No one wants to pay the fees, admits Irish Water boss
THE head of Irish Water's parent company has admitted that "no one" wants to pay for water.
Michael McNicholas, group chief executive of Ervia, also said establishing the new water company had been "difficult" – and although research indicated that people were aware of the need to upgrade the network, they did not want to pay charges.
Ervia, formerly Bord Gais Eireann, is the parent company of Irish Water, which was established last year.
The company sold its energy business for €1.1bn as part of a sale of state assets, and has been rebranded Ervia. Ervia controls two companies – Irish Water, and Gas Networks Ireland, which operates the gas system.
Asked about whether some 1.3 million would pay their water bills after charges were introduced this October, he said it was a "huge" issue of public concern.
"It's difficult, it's hugely an issue of public concern. It's a critical public service and no one in these challenging times wants to pay for water," he said at the launch of the Bord Gais Eireann 2013 annual report.
The first bills will land in people's homes from next January.
Almost one-third of the €1.1bn made on the privatisation of Bord Gais Energy will not be repaid to the State for several years, it has emerged.
The sale of the energy side of the company to a trio of investors closed last month for €16m less than management had valued it at, the company confirmed.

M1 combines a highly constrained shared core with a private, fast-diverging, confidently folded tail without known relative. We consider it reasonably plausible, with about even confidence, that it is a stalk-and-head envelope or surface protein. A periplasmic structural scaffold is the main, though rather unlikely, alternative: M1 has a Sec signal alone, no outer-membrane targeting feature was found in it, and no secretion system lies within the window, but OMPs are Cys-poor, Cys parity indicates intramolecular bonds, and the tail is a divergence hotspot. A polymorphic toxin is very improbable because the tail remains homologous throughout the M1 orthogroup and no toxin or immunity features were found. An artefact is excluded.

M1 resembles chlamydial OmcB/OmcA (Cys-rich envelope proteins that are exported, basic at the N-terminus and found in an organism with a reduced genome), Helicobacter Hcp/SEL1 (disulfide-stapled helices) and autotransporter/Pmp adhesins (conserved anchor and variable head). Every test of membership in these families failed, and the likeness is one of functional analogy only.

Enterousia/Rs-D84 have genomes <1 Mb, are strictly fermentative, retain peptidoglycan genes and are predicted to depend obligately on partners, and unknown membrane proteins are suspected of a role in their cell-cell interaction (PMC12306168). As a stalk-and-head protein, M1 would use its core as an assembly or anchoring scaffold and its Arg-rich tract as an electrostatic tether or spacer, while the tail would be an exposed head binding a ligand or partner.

Michael O'Sullivan, group finance director, revealed €150m has been paid to the exchequer, with another €480m to be handed over by the end of the year. The balance of the cash is being used by Bord Gais to repay debts.
The company said that it plans to pay the State a dividend totalling more than €300m in the future as a result of restructuring and debt repayment.
"So in total, as a direct consequence of the sale, we are in a position to return up to a billion in total to the State over the next number of years," Mr O'Sullivan added.
Bord Gais recorded a pre-tax profit of €171m in 2013.
Its balance sheet soared into the red to an after-tax loss of €169m when exception charges were taken into account.
The figure includes an impairment of €224m in its energy business, primarily linked to its Whitegate combined-cycle gas turbine plan in Cork.
Energy generation from coal and renewables resulted in less demand for gas, it said.